I’ve tried them all. I’ve succeeded sometimes, but failed mostly. But here are the four ways to teach public relations:
You can teach the craft of public relations as a set of skills, for example:
- Writing news releases
- Writing and editing blog posts
- Presentation skills
This approach has the advantage of making for an interesting classroom experience – but it has serious limitations. There’s the ‘performing monkey’ danger – that you’re teaching people to do things without knowing why they are doing them. And if you’re teaching at university, what you’ve taught in the first year might be forgotten (or redundant) by the time a student graduates years later.
Guest lecturers bring great energy and insight to the lecture theatre and illuminate the practice of public relations based on their experience. There are dangers, though, in the anecdotal approach. I’ve often caught myself telling a story from the 1980s only to realise that no one else in the classroom had been born then and that the fax machine was current communications technology.
As a teaching experience, it’s limited too. I might be fascinated listening to Stirling Moss talking, but it would not make a motor racing driver out of me.
This approach views public relations as a legitimate subject to be studied. So the classroom becomes a place to explore different perspectives on the subject (many highly critital). Credit is given for citing reputatable authors and understanding their arguments, so the approach tends to be backward-looking and constrained by what has gone before. It’s the best approach for a group of sophisticated postgraduates, but risks boring undergraduate classes.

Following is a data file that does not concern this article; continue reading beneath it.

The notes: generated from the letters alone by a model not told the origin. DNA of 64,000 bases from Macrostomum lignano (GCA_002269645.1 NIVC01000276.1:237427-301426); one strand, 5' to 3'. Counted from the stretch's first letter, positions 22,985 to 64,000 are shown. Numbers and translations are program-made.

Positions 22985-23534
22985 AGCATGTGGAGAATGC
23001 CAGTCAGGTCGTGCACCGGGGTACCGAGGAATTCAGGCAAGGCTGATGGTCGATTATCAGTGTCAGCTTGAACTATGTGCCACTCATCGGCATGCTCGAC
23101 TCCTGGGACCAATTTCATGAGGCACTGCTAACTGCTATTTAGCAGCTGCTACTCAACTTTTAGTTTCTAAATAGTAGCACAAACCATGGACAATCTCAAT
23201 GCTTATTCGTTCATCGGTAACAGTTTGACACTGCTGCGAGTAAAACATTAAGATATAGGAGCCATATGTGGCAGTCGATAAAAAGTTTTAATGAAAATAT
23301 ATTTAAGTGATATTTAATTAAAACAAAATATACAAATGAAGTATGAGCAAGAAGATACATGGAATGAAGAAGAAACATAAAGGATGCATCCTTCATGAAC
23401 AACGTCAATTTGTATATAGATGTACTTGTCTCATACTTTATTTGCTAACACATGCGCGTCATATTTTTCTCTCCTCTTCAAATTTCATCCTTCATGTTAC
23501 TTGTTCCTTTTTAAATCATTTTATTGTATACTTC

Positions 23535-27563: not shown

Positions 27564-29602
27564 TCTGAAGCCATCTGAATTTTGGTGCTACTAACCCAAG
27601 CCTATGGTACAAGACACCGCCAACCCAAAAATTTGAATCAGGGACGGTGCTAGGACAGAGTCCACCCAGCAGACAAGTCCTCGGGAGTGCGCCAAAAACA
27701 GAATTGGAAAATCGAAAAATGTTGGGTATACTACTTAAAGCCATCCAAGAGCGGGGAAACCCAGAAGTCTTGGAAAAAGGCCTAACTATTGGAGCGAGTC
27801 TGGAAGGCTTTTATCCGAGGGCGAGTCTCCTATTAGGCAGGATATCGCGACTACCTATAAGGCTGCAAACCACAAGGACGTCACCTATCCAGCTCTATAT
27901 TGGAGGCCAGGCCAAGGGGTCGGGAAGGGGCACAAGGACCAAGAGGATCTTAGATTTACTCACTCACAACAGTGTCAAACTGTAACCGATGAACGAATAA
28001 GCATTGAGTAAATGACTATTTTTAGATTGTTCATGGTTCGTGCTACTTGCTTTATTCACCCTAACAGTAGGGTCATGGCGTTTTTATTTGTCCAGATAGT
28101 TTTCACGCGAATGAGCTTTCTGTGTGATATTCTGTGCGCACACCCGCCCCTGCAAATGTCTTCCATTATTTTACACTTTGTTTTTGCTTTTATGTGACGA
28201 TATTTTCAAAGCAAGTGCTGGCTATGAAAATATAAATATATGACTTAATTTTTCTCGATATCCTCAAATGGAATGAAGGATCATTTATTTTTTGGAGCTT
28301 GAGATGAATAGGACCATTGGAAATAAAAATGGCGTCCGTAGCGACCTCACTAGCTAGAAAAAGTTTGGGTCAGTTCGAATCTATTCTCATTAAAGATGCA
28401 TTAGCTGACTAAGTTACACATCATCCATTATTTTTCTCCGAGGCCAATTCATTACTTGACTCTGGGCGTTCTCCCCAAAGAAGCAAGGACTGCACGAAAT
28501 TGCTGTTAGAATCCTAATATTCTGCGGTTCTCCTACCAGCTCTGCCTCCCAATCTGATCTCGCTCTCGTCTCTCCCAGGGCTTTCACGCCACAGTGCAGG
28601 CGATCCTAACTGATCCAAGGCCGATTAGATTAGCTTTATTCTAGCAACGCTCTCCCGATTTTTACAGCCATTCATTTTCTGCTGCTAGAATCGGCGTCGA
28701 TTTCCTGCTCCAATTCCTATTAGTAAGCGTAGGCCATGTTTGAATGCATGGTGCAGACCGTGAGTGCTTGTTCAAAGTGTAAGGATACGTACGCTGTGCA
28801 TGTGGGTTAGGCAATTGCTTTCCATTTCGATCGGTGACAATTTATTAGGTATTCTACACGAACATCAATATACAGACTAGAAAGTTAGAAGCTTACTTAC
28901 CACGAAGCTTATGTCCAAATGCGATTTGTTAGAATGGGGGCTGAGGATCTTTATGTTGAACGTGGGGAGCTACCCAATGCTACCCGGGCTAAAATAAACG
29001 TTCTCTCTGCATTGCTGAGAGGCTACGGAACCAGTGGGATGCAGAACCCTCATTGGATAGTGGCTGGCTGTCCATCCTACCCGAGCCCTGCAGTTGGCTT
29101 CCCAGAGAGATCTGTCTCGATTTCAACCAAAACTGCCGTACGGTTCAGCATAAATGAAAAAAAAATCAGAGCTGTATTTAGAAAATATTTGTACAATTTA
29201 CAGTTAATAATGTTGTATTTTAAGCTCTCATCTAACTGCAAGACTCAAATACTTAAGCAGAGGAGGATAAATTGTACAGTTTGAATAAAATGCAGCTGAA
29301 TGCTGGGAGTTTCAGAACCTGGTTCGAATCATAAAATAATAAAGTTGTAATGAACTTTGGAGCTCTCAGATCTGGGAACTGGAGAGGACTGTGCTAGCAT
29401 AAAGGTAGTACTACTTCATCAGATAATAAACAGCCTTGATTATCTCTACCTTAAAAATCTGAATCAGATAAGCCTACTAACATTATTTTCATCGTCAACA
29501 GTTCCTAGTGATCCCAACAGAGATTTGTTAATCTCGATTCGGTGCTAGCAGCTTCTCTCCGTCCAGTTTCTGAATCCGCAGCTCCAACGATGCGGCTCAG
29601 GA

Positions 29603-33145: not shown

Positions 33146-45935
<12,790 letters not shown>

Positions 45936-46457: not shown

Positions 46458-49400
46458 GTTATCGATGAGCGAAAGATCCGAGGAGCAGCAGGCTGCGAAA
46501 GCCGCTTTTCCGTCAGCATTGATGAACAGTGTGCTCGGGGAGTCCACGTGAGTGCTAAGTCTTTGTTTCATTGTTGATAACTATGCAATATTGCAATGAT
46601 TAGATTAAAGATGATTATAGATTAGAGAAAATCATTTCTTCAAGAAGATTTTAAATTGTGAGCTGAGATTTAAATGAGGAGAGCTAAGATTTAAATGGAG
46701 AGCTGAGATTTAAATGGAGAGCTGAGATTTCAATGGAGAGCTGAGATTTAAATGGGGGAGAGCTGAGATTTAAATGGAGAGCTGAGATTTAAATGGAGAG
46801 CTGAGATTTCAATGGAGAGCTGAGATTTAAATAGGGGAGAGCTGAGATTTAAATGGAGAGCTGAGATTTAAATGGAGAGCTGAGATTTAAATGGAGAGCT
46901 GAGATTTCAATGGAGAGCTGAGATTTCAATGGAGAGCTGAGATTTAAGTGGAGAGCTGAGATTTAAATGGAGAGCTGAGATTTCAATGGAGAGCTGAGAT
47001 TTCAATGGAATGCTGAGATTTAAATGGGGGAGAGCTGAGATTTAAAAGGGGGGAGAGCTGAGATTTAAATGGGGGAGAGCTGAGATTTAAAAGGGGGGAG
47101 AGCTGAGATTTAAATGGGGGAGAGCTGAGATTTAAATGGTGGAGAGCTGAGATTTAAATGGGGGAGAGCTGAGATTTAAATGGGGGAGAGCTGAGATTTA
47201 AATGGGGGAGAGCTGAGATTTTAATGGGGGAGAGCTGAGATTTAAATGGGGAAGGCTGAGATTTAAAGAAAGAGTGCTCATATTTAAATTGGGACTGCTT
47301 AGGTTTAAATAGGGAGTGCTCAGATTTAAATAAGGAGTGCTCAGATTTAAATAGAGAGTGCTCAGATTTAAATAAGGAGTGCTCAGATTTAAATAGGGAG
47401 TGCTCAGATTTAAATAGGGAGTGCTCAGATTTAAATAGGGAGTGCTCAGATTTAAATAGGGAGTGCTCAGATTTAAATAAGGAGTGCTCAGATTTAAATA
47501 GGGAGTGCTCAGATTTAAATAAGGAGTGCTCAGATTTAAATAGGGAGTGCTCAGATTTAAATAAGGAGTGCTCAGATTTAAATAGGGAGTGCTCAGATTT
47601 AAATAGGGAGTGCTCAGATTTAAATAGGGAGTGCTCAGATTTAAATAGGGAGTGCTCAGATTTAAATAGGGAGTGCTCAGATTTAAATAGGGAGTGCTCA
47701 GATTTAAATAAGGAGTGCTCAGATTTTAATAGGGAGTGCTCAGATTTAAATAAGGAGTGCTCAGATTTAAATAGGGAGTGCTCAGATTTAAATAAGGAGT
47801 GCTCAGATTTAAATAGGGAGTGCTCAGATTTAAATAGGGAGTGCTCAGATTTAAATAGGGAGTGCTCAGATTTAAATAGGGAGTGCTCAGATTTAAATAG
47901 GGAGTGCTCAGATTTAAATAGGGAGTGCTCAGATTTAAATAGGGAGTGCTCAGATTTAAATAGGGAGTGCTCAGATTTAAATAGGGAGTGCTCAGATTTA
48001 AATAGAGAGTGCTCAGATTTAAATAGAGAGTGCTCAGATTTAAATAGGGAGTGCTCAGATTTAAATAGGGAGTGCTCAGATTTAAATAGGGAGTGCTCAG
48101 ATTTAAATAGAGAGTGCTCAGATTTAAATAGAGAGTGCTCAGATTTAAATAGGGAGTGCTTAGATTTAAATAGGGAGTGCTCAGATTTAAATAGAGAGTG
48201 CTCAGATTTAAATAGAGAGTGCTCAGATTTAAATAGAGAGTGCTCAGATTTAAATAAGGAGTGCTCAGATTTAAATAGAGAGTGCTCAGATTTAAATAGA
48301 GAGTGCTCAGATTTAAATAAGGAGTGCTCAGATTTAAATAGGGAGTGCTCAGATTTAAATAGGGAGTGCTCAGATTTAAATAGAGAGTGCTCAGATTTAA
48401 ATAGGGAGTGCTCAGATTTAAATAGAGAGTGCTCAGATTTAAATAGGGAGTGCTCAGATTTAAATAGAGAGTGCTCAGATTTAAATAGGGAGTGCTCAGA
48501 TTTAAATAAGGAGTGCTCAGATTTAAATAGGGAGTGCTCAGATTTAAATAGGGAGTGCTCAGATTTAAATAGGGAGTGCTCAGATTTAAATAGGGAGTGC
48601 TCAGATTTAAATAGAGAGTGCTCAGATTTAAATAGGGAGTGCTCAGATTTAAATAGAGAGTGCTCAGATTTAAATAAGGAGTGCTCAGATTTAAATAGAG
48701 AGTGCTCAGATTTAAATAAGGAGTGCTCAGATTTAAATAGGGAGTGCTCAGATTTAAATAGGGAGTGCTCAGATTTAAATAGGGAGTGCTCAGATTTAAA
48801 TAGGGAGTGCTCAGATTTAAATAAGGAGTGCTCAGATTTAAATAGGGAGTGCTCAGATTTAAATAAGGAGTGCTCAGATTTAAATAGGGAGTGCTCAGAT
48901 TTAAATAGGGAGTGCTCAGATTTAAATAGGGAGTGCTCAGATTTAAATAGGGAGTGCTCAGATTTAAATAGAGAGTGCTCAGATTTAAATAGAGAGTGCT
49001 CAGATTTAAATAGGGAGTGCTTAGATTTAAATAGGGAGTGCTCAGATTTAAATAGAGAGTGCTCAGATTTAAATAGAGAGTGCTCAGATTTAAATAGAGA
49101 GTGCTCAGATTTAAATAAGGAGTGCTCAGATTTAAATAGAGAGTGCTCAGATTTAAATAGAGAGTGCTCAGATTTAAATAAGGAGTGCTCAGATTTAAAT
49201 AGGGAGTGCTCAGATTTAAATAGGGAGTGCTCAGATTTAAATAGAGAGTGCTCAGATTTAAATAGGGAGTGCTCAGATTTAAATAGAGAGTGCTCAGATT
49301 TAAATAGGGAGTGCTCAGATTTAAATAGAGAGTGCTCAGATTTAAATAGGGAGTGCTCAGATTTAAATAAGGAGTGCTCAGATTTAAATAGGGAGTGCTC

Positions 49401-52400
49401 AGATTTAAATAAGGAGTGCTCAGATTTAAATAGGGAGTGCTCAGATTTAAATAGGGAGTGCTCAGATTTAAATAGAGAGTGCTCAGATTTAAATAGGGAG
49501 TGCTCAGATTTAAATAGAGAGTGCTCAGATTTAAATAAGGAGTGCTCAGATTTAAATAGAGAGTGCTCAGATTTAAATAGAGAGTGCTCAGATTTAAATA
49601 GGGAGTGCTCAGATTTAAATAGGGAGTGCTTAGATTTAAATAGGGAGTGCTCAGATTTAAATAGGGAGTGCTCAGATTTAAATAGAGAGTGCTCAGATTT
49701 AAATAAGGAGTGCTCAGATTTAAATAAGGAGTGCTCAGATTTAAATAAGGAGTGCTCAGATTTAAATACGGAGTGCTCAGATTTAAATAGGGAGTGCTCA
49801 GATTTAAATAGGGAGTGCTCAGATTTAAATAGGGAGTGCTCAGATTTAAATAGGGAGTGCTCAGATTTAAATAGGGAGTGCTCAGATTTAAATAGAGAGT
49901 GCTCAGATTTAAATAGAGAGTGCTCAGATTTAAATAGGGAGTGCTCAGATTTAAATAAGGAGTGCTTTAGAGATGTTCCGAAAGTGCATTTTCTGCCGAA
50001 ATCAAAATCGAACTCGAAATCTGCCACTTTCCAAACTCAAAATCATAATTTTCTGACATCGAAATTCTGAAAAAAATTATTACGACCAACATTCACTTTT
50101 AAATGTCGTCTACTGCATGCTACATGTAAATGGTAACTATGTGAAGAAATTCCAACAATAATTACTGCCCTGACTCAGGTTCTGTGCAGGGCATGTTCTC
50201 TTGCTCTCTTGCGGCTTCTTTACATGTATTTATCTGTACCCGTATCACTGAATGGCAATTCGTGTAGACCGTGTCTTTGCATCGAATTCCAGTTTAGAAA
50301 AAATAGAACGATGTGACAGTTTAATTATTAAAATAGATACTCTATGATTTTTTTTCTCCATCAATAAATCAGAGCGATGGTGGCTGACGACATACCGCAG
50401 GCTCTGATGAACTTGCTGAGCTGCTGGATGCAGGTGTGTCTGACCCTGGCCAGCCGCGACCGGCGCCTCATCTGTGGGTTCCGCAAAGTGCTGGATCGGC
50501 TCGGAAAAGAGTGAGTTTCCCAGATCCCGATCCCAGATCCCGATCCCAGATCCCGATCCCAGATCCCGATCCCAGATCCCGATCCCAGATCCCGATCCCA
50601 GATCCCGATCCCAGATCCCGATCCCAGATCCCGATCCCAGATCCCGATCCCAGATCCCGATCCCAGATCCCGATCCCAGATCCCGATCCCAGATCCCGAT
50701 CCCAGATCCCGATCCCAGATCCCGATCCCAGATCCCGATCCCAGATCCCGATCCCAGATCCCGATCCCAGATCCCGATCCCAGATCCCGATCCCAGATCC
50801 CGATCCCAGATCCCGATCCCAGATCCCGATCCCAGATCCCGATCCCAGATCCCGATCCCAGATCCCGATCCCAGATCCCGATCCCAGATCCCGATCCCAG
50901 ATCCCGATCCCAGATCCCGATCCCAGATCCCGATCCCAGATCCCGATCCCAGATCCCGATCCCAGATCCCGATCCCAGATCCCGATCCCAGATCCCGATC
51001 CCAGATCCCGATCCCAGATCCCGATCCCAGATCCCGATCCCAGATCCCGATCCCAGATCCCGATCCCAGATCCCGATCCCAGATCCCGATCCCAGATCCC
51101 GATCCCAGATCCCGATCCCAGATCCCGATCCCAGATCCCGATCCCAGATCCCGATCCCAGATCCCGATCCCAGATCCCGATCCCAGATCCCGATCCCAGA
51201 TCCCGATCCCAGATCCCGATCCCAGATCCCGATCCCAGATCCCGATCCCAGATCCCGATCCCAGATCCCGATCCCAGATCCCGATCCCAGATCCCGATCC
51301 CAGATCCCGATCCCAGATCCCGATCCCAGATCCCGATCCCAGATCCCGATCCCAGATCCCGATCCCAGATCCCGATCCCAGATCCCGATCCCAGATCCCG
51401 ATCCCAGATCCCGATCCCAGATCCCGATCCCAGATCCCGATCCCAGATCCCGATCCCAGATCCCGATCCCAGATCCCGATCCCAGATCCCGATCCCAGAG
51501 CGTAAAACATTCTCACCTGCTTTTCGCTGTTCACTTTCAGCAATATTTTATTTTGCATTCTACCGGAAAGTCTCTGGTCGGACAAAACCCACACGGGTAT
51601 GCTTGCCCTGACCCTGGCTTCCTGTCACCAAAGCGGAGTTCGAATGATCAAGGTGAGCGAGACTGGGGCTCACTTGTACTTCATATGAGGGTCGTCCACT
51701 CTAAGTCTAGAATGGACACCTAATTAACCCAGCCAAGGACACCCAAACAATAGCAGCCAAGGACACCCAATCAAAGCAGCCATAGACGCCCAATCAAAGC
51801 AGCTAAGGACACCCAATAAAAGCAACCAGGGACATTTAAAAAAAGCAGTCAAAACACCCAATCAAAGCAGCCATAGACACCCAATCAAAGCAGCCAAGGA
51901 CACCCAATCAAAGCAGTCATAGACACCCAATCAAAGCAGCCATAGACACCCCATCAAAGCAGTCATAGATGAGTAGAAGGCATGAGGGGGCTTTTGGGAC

I should explain my distinction between the academic and the intellectual approaches. It’s perfectly possible for a student to produce an academically sound dissertation but not have shown much intellectual mastery. So the dissertation would contain an adequate literature review of what has been published on this topic, an essay on research methodology and some analysis of research findings. The academic approach favours the process without encouraging original thought.
An intellectual approach views public relations as applied problem-solving. So you first have to identify the problem. How to get publicity is not often a challenging problem, but most questions relating to reputation management or consensus building are complex. They’re also highly contextualised, so other factors have to be considered requiring a breadth of knowledge and insight.
Understanding the problem, applying suitable strategies and tactics and considering the implications of your actions (or inactions) makes for a complex web. It mixes the theoretical with the practical and makes public relations a worthy subject for study in higher education.
The benefits of the academic and, above all, the intellectual approach are that they provide a framework or approach for solving future problem (the skills and anecdotal approaches are limited to doing what’s been done in the past).